Why Costco is the biggest holiday winner

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Retailers are trying to draw holiday shoppers with splashy perks like free shipping, convenient new ways to shop, and mobile checkout in stores.

Costco has eschewed that strategy. It focuses instead on the reliable model that has attracted loyal club members to its no-frills warehouses over the years.

Costco sells just a few thousand hot-selling items — from tires to flat-screen TVs to big jugs of mayonnaise — at cheaper prices than competitors.

Despite Costco’s muted approach, it has emerged as a standout in the end-of-year retail crunch by perfecting its simple formula.

During its most recent quarter, Costco’s (COST) US sales increased 8.3% compared to the same quarter a year ago. That’s higher than competitors like Sam’s Club, which posted 5.7% growth, Target (TGT), which posted a 5.1% rise, and Walmart (WMT), which reported growth of 3.4% last quarter.

“Costco didn’t engage in any large scale, new strategic initiatives this holiday season,” said Timothy Campbell, senior analyst at Kantar Retail. “For Costco, it’s all about tactics with constantly new items and finding ways of providing more shopper value.”

A trusted retailer

Club members who pony up $60 or $120 for annual subscriptions are flooding in to shop during the holiday rush. Costco reported a 6.8% rise in foot traffic in November.

Members believe that they can land deals at Costco on high-quality holiday staples and gifts they can’t find elsewhere.

Costco has staked its reputation on cheaper prices than rivals like Walmart or Target. It pours revenue from annual membership dues back into keeping prices down.

Costco also manages a limited inventory, which gives its merchandising teams a competitive advantage over Walmart and Target. Big-box retailers typically sell more than 100,000 items at superstores, but Costco stocks an average of 3,800 national and Kirkland Signature house-branded products.

“We’re able to mark up our goods so little because of the efficiencies that we bring to the table,” said Richard Galanti, Costco’s veteran chief financial officer. “There’s something in terms of putting all your buying power and focus on fewer items and pre-selecting the right items.”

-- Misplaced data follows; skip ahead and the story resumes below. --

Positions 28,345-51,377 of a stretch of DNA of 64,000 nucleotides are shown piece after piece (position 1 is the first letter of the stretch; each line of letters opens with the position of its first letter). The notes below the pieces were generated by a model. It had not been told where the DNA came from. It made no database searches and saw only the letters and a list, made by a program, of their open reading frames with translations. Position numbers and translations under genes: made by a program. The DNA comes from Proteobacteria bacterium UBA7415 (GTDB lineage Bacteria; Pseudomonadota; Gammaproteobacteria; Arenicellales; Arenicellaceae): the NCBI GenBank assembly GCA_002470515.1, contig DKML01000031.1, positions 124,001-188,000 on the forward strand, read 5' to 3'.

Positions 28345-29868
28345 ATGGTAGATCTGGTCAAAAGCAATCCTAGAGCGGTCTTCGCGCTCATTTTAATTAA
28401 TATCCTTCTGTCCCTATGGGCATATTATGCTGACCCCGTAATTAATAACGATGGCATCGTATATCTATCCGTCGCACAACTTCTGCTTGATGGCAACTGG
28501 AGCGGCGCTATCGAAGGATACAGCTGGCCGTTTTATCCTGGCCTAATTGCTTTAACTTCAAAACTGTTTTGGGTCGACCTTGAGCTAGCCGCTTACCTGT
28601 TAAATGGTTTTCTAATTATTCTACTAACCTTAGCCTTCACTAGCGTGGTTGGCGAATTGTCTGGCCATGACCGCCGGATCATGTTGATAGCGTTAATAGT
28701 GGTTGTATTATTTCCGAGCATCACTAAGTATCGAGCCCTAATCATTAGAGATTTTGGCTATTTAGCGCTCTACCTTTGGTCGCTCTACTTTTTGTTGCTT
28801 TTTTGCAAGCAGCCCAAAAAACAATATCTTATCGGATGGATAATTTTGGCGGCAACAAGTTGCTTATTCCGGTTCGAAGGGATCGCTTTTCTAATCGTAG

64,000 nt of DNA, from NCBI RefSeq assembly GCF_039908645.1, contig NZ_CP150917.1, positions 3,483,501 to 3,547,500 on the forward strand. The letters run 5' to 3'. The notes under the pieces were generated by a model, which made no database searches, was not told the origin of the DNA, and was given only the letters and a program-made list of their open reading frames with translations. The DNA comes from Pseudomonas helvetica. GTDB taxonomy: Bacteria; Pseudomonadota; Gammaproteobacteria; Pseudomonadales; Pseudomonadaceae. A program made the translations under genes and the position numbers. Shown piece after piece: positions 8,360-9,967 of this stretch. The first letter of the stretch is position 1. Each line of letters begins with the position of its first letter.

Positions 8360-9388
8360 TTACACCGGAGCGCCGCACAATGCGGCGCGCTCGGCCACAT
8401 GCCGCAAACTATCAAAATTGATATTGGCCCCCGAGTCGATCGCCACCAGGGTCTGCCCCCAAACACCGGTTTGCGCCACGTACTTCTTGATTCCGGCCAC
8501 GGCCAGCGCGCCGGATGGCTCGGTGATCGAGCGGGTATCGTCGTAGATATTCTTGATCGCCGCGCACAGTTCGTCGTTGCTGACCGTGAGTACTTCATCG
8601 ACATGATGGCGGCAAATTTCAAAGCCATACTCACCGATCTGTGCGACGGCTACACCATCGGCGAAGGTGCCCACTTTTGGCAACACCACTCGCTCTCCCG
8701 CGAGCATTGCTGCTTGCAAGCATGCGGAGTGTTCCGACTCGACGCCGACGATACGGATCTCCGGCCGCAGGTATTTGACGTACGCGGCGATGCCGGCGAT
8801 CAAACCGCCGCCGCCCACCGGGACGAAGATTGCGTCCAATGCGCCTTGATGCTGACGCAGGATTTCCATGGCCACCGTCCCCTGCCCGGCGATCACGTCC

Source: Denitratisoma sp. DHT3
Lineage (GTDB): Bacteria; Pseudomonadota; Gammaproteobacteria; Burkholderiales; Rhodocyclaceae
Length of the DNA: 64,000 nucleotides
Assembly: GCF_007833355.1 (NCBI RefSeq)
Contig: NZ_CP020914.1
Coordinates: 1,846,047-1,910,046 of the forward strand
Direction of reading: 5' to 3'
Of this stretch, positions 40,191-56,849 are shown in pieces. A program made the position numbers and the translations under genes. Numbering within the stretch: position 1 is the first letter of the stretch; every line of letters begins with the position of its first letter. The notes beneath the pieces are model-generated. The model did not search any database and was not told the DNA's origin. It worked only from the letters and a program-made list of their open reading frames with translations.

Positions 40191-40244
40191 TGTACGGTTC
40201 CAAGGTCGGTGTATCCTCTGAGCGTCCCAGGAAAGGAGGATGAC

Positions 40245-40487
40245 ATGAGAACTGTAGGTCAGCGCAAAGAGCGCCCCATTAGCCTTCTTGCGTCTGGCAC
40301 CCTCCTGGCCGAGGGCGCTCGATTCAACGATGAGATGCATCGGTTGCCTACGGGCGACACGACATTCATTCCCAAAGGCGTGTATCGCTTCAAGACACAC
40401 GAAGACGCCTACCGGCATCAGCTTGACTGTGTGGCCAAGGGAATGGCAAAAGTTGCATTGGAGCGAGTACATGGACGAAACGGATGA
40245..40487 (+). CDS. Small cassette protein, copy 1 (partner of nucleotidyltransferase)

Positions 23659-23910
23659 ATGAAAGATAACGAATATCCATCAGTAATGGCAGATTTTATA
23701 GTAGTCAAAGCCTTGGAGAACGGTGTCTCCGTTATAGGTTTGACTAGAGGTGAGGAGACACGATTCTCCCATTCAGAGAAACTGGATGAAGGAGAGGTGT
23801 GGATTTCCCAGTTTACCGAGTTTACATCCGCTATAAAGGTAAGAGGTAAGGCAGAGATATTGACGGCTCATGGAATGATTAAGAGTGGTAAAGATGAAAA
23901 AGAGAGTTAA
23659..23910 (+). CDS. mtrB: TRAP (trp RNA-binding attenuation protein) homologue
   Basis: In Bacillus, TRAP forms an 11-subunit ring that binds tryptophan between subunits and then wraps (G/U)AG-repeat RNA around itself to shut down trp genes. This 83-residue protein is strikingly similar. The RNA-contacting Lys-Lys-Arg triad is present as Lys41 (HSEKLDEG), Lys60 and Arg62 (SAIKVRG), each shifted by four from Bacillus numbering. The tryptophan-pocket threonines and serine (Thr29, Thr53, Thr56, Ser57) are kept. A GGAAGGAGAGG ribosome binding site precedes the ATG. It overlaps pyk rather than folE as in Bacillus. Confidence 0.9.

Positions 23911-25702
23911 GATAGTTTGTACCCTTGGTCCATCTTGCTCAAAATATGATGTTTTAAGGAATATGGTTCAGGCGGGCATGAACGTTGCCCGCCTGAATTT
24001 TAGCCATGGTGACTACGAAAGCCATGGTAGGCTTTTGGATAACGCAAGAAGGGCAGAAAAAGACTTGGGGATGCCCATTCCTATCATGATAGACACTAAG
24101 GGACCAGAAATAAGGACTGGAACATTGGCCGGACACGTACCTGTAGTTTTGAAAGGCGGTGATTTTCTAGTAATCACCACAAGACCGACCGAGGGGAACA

A narrower selection at stores also helps shoppers avoid the paradox of choice — so many options that it’s tough to decide.

Costco does the vetting work for customers, said Joseph Feldman, an analyst at Telsey Advisory Group. “There’s a high level of trust for customers.”

Looming challenges

Costco benefits from the strong economy. High-income shoppers are increasingly willing to spending a larger chunk of their wallets at warehouses, Campbell noted.

Yet Costco could face trouble holding those shoppers against Amazon if the economy turns sour. It has a sizable customer overlap with Amazon, and those customers could decide they don’t want to pay for both Prime and a Costco membership.

There are other looming challenges, too.

Costco’s low-price model depends on the annual membership funnel. That means the company has to find ways continue attracting new members — especially Millennials as its core baby boomer shoppers age.

It will also have keep improving its online capabilities to keep up with Amazon and brick-and-mortar rivals that are speeding up their investments.

For now, however, Costco’s customers seem to love the club.

In November, Costco reported double-digit increases from last year in categories like sporting goods, electronics, hardware, and appliances, signaling that it was a top destination for big-ticket holiday purchases. Home furnishings, clothes, and small appliances like toasters and blenders grew as well.

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